December 16, 2010
In This Issue
  • Don't Write the Obit For Picture Books Yet
  • A Forgotten Dahl Piece Resurfaces on eBay
  • Emerging Technologies Debated in France
  • Facing Challenges, First Book Keeps on Giving
  • This Week in Children's Apps
  • Scholastic Buys Selznick's 'Wonderstruck'
  • Sterling Authors Sing in the Holidays in Six States
  • A Tailor-Made Audience
  • Harper’s Holiday Spirit
  • Little, Brown and Meyer Support Red Cross
  • Preparing for ‘The Water Wars’
  • In the News

    Don't Write the Obit For Picture Books Yet
    Children's book publishers are still reeling from the New York Times front-page story back in October called "Picture Books No Longer a Staple for Children." Was the venerable newspaper right? Or do publishers consider the article and its alarming title the kid-lit equivalent of "Dewey Defeats Truman"?

    The evidence: BookScan figures show that last year, picture books represented 10.8% of the overall children's market—-virtually the same as in 2005, when they represented 10.7%. "For us right now, picture books are still vibrant and thriving," said HarperCollins Children's Books president Susan Katz. Several publishers PW spoke with disagreed with the Times reporter who wrote about the declining importance and popularity of picture books. "I don't really see this phenomenon she's talking about," said Karen Lotz, publisher of Candlewick Press. "I definitely don't think it's so bleak," said Mary Ann Sabia, v-p and associate publisher of Charlesbridge Publishing. more...

    A Forgotten Dahl Piece Resurfaces on eBay
    The first two pages of The Eyes of Mr. Croaker, a children's story written by Roald Dahl in 1982 that he sold to two young American writers with the intention of publishing it in the proposed Do-It-Yourself Children's Storybook have resurfaced in Los Angeles after nearly three decades and are being auctioned on eBay.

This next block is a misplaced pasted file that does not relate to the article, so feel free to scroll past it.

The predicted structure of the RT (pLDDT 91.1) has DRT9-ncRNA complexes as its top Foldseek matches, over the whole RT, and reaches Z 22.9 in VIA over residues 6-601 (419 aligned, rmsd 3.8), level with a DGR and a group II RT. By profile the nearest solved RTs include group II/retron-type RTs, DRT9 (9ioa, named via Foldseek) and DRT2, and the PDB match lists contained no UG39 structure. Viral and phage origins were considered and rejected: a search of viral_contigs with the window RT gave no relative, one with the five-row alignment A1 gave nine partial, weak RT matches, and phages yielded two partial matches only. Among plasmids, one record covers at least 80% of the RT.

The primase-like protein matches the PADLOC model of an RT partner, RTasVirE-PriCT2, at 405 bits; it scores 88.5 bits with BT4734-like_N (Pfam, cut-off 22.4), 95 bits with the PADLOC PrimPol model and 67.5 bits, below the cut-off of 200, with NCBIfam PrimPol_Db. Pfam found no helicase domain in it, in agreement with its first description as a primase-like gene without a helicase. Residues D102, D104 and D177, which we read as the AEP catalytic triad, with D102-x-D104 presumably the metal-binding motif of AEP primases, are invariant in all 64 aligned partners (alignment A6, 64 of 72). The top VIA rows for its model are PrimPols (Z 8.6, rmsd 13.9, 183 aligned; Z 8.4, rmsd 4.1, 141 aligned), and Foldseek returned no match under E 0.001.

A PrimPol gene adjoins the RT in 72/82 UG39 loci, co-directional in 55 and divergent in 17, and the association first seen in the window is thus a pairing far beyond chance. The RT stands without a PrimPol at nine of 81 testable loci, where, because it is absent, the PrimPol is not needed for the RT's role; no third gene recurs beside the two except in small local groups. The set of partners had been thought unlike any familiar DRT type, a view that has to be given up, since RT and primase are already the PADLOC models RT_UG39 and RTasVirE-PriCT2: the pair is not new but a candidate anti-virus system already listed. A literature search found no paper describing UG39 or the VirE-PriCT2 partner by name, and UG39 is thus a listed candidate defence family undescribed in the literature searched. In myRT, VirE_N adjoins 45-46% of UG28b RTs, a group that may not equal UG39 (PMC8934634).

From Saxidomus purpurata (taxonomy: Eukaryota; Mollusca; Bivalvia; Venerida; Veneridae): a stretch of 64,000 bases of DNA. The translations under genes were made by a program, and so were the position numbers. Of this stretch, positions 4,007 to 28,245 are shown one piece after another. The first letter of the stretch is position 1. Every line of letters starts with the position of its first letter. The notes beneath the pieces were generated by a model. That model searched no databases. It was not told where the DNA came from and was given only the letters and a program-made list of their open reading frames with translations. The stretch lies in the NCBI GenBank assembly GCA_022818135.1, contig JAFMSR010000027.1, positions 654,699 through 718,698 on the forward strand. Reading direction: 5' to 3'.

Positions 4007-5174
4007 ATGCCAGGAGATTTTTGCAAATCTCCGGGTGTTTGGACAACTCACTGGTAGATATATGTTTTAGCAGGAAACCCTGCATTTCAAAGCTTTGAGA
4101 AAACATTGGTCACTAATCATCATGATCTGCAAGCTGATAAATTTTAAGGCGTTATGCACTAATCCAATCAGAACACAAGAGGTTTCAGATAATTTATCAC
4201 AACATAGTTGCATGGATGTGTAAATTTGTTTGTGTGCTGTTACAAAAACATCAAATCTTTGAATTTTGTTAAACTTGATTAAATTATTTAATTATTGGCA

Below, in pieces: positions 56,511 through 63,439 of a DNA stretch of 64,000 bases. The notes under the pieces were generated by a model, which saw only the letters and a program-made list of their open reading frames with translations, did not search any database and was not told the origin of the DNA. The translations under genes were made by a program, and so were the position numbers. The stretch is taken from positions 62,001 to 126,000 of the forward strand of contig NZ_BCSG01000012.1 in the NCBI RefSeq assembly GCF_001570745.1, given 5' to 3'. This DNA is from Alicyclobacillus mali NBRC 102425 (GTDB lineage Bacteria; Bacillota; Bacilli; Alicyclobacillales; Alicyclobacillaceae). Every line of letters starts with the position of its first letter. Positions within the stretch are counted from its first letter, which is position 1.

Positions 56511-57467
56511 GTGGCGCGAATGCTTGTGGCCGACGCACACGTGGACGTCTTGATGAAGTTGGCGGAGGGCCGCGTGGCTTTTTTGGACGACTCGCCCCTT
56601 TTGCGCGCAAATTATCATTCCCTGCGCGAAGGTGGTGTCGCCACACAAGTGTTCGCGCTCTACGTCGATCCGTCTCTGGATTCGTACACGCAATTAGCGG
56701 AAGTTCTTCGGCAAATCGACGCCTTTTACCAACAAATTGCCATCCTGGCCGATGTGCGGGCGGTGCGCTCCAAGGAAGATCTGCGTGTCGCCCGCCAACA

As young men, Jerry Biederman and Tom Silberkleit conceived the idea of a book containing the openings of short stories by famous writers that children could complete themselves. Besides Dahl, the two also received submissions from Richard Adams, P.L. Travers, Madeleine L'Engle, Joan Aiken and others. Each author agreed to be paid $200 upon publication of the book. more...

    Emerging Technologies Debated in France
    The Salon du livre et de la presse jeunesse is an annual children's book fair for both publishers and young readers held just outside of Paris in Montreuil, this year from December 1–6. It is, of course, a haven of book perusal, book buying, and author and illustrator signings. However, a conference that occurred on the last day of the fair delved into that precarious territory beyond the pages: new media. The topics at hand were ones that everyone connected to the industry has been fretting about: how to adapt for the iPad, getting original material for the iPhone, the marketing possibilities therein, and the focal point: how to merge the publishing world with the technological one without betraying the book? more...

    Facing Challenges, First Book Keeps on Giving
    It's a story of hundreds of books, thousands of books, millions and billions of books--or, at least, 80 million of them. This week literacy group First Book announced that it had delivered that many titles to underprivileged kids in its 18-year existence. In 2010 alone, First Book distributed 7.5 million books--4.8 million through its free National Book Bank, which is a clearinghouse for books donated by its publishing partners, and 2.7 million through its deeply discounted online bookstore, First Book Marketplace, which sells exclusively to Title I programs for disadvantaged children. Next year First Book hopes to double the number of books it distributes. more...